9 Movies That Changed The Way We Think About Black Love

Because representation matters.
Taye Diggs and Nia Long share a dance in "The Best Man."
Taye Diggs and Nia Long share a dance in "The Best Man."

Scan most lists of the greatest rom-coms of all time and you’ll notice that films featuring black leads are either gravely underrepresented or just flat-out missing.

You won’t find Eddie Murphy charming his way into the hearts of his leading ladies in any one of his 1980s or 1990s mega-hits. Or Sanaa Lathan and Omar Epps playing one final game of one-on-one and inevitably falling in love in “Love & Basketball.”

The pop culture writers who put together these lists are partly responsible, but they don’t take all of the blame. Hollywood has been slow to greenlight films for black and general audiences created by black moviemakers seeking to highlight black life and love in all its complexity and relatability.

Sure, Sidney Poitier came to dinner in 1967, but, by and large, black romantic portrayals were given the short shrift.

Luckily, the 1990s ushered in an era of rom-coms with plenty of black leads, from “The Best Man” and “Love Jones” to “How Stella Got Her Groove Back.” Black love ― the simple, but revolutionary idea that black couples exist in their culture and in their affection for each other ― was finally given its due.

It’s high time we recognize some of these films. With Black History Month underway, we asked black writers and editors to share a film depicting a black romance that’s spoken to them through the years. See what they had to say below.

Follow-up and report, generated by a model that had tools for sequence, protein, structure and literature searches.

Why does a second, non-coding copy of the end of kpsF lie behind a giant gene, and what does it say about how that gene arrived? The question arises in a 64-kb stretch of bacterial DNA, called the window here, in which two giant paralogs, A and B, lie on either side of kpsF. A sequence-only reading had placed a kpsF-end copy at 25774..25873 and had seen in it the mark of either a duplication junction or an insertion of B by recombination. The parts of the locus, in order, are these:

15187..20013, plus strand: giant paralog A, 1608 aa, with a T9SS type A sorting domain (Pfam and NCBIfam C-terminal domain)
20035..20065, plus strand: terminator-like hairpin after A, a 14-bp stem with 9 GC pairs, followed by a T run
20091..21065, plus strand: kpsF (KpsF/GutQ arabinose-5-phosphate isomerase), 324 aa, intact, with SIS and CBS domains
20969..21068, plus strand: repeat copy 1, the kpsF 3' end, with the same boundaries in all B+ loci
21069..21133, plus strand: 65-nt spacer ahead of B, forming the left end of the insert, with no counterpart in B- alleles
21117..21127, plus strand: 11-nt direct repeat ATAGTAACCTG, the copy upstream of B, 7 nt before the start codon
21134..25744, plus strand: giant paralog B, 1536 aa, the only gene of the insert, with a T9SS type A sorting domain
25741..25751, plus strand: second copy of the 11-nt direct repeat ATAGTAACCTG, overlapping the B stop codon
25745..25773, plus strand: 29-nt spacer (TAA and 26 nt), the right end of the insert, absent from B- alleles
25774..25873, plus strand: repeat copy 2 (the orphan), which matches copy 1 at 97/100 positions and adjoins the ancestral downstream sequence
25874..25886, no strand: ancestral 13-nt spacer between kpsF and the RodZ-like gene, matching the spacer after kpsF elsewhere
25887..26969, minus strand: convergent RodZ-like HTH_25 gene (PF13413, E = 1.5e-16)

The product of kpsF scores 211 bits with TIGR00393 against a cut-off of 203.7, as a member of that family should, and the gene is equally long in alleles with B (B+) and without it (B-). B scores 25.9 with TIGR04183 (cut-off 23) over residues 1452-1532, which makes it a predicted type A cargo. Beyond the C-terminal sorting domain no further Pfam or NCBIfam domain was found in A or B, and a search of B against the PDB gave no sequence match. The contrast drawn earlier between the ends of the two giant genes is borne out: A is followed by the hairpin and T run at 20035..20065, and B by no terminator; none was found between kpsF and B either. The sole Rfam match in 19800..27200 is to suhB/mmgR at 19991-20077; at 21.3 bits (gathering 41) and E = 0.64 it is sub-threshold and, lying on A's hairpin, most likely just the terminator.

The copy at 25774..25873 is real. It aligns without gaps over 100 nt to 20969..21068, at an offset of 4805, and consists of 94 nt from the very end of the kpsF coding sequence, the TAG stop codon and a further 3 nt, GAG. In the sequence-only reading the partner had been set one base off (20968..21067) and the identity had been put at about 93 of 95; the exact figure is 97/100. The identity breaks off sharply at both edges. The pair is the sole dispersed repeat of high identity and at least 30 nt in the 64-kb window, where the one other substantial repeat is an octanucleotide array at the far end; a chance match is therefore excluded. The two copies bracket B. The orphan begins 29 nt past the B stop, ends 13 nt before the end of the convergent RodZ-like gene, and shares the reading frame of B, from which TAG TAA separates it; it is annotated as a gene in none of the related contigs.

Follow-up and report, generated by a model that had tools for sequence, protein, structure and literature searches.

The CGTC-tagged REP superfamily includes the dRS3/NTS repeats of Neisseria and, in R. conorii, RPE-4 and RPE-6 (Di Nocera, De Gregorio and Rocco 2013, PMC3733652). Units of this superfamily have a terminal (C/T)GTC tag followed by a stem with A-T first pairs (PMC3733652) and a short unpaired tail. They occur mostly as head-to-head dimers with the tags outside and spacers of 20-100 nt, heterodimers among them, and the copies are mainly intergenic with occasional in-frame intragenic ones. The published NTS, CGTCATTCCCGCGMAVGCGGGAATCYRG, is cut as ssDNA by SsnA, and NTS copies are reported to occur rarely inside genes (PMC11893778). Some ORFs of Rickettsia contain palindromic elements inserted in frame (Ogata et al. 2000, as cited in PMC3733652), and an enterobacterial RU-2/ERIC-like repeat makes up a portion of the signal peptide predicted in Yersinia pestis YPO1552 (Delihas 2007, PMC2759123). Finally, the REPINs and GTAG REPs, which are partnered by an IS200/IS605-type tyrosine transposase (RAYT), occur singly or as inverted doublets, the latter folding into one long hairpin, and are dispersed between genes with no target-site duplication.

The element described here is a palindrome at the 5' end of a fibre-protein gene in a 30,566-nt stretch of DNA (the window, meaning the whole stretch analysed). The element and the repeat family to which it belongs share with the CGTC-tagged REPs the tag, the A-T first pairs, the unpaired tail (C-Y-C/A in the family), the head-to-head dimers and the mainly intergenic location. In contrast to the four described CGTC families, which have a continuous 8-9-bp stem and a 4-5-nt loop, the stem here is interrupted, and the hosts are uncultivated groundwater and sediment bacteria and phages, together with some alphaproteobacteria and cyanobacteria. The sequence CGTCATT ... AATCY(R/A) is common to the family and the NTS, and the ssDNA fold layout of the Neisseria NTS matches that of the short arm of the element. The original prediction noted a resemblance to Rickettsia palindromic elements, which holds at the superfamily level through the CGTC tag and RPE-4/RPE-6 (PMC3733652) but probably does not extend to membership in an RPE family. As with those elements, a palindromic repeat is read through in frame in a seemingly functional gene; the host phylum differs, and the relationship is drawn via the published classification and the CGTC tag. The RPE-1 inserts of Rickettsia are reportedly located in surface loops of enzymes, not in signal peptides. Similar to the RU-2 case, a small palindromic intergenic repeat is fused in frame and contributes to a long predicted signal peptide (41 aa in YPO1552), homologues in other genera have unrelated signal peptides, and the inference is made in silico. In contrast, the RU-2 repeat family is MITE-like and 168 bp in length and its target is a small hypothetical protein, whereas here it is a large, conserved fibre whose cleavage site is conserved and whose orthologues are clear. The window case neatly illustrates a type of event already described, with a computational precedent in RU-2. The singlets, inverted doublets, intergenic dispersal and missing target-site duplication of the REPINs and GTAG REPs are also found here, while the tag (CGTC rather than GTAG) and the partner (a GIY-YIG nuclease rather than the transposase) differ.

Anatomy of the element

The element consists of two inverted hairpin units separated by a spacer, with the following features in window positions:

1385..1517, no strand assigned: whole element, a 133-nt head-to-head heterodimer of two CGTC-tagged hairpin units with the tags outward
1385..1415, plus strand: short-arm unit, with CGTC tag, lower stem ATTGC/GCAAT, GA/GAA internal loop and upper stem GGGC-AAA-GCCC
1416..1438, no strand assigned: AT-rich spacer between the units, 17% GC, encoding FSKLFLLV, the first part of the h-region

“The Best Man” (1999)

‘The Best Man’ debuted to American audiences around the country in 1999, but in 2019, for me, it is still one the most relevant and most beautiful examples of black romance to date. In the ’90s, representation was limited for black Americans. We had a few sitcoms and movies that turned into iconic portrayals, but it still gave us a limited scope of what it truly meant to be black and in love. ‘The Best Man’ was iconic for various reasons, but specifically, it portrayed the black middle class in a way that had not been done before in cinema. It ignored the overused narrative of oppression and dove into complicated emotions and relationships, multifaceted portrayals of expression, and most importantly, forgiveness within the context of a romantic comedy.

‘The Best Man’ showed that even when a couple can appear to have it all, everyone has their problems. It narrated the importance of valuing your partner and appreciating their uniqueness. It unpacked how not every couple is meant to be together, but your next great love you could be right knocking at your door (literally). Finally, it showed us that you have to love yourself first before you can ever be in love with someone else. The movie will always be one of my favorites, and as it reaches its 20th anniversary, its portrayal of black love is classic.” ― Brennan DuBose, audience editor at HuffPost